Dear White House: Your Position on Secret Torture Memos Makes No Sense to Me, So Here’s a Picture of a Kitten in a Blender
Posted on October 4, 2007 Posted by John Scalzi 19 Comments
Posted on October 4, 2007 Posted by John Scalzi 19 Comments
Taunting the tauntable since 1998
John Scalzi, proprietor – JS
Athena Scalzi, contributor – AMS
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Don’t try this at home (see the website).
…wow, that’s a whole new kind of special.
If it makes you feel any better, the best and brightest international lawyers the world has to offer can’t make sense of the Whitehouse position on secret torture either. Neither for that matter can international law students, but that’s an entirely different rant.
(seriously, I read the Whitehouse’s legal argument about Gitmo, and my first thought was ‘wait. didn’t these people… go to lawschool? Pass bar? Crackerjack box? why so stupid?’).
Will it blend?
Annalee: I’m starting to think it’s less stupid and more evil. Someone or -ones in the current US administration clearly want to torture people, no matter what.
Annalee: They did indeed go to lawschool. Pat Robertson’s lawschool. I’m sure it’s all covered in Leviticus.
The lesson to be had of this administration: if you’ve got an impossible argument to make, have an none-too-bright intern write a piece of drivel and run with it. It doesn’t matter a damn what your justification for something is when you can just do it.
Why do I have a feeling that this mix of incredible cuteness, lolcat, and (well earned) political outrage is a secret plot to loadtest WordPress?
Why is it every time I see Dana Perino open her mouth I expect a scent of roses and poetry to come forth but instead I smell shit and hear shit? Sad juxtaposition.
Heh. Well, that’s not necessarily the intent, but if it works that way, that’s fine. It does look like there’s only so long the background image is on the comment box.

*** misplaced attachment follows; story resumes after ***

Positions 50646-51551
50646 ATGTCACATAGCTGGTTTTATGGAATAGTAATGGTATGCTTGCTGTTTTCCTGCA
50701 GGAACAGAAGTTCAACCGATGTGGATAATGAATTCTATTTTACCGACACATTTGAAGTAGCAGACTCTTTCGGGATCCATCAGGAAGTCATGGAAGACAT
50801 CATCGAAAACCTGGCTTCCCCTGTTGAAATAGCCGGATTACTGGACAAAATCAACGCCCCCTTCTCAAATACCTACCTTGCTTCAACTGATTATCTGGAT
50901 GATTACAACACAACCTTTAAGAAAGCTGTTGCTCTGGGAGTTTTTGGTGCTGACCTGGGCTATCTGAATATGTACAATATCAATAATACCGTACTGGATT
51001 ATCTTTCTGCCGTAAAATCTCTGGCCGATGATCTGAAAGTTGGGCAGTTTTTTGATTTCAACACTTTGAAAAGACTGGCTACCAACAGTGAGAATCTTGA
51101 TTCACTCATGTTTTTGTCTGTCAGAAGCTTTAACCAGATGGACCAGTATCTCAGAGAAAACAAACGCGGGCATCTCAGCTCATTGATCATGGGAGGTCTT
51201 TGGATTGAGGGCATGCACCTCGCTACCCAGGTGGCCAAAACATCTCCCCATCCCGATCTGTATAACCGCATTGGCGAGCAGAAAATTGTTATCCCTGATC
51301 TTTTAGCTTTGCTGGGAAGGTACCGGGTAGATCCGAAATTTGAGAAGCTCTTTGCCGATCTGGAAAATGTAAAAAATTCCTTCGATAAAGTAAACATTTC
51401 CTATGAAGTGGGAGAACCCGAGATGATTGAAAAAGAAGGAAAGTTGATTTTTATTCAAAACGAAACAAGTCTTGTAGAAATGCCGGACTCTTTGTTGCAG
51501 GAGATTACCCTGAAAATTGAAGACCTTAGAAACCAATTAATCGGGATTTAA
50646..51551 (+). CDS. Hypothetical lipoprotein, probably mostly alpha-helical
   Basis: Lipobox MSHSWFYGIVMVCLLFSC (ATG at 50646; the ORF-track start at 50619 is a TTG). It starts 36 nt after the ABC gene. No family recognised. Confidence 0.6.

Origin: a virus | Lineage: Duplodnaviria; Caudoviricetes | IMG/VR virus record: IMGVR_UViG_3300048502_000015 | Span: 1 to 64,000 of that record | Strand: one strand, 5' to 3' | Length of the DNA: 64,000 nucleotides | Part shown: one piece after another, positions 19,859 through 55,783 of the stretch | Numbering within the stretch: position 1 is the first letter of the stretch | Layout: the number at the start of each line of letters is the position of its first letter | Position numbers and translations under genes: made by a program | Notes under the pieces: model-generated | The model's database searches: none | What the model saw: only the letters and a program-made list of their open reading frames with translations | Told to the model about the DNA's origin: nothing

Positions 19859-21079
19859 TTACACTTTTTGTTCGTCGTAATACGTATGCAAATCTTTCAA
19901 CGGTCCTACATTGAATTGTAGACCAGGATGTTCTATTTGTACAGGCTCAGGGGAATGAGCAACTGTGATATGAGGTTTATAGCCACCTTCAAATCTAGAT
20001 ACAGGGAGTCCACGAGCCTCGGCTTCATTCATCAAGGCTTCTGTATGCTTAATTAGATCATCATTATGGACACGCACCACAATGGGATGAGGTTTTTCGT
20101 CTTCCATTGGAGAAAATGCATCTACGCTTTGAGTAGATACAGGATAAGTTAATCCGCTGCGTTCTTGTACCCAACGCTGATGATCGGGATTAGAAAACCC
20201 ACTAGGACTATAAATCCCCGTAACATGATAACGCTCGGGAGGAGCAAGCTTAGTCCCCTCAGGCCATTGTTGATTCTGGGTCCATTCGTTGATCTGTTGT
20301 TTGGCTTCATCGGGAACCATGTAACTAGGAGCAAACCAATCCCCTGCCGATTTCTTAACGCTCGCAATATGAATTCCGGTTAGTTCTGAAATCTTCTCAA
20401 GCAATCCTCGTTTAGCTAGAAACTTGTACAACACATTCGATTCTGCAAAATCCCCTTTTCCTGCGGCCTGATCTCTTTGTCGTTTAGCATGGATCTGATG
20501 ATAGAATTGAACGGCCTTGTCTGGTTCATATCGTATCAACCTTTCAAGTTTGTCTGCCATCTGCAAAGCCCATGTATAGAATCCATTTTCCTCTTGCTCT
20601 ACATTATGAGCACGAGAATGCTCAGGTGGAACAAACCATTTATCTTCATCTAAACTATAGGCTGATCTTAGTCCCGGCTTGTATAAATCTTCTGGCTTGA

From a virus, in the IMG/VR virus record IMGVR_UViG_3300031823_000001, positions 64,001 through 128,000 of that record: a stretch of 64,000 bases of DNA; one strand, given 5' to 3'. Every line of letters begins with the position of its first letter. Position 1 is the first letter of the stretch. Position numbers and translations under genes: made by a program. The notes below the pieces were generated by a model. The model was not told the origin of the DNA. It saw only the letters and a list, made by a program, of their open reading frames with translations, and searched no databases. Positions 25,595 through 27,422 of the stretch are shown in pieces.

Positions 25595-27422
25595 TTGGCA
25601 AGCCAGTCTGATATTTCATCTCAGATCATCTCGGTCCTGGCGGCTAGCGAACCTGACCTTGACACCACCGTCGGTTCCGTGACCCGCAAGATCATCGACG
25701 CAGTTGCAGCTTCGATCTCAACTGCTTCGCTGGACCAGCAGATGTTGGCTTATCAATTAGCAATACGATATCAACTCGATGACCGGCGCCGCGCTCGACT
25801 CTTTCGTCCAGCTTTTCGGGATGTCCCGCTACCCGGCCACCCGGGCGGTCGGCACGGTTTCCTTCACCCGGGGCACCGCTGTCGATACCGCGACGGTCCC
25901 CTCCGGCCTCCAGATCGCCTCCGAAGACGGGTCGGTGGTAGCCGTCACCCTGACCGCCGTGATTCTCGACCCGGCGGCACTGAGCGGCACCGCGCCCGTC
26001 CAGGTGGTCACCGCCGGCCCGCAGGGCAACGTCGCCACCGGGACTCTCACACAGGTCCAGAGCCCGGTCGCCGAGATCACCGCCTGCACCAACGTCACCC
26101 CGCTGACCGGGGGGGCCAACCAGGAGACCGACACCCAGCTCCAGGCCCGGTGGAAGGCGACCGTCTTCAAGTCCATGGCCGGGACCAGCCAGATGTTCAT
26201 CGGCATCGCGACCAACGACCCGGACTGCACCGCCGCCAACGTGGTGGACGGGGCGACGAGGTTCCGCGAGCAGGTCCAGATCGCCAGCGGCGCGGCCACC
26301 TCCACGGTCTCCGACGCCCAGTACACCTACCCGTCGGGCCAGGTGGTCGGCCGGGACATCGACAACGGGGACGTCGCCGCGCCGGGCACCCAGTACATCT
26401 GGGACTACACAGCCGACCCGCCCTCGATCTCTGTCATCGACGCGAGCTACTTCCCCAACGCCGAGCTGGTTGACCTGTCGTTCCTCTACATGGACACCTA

Why, it’s a legal opinion AND a floor wax.
(the cat-o-matic 2008)
Here’s the trick:
Operate outside of the law. Make no bones or pretense about it. Then, just to confuse the opposition, which is following the law, write up bogus “law documents” or “legal memos” that can then be argued in court.
You get to break the law with impunity, while the opposition tries to gain redress through legal channels. Ignore all legal requests for documentation or interviews, claiming, quite illegally, that you aren’t subject to such requests.
It helps if you get to seed the justice system with judges who share your basic beliefs, and corrupt the department that is supposed to determine whether actions are legal with people who are there to obfuscate your illegal actions.
Banana republic, indeed. Enjoy!
Wakboth, my issue is this: if I were, say, the president of the united states, and I wanted to do something of dubious legality, I would want my lawyers to say “Uh, yeah, that’s illegal under the Geneva Conventions, the 1984 Convention Against Torture, and probably under customary law. But here’s the justification we’ll use to defend you.” I would not want them to say “Oh that’s totally legal because [a bunch of BS that I as an undergrad international law student can see clear through].”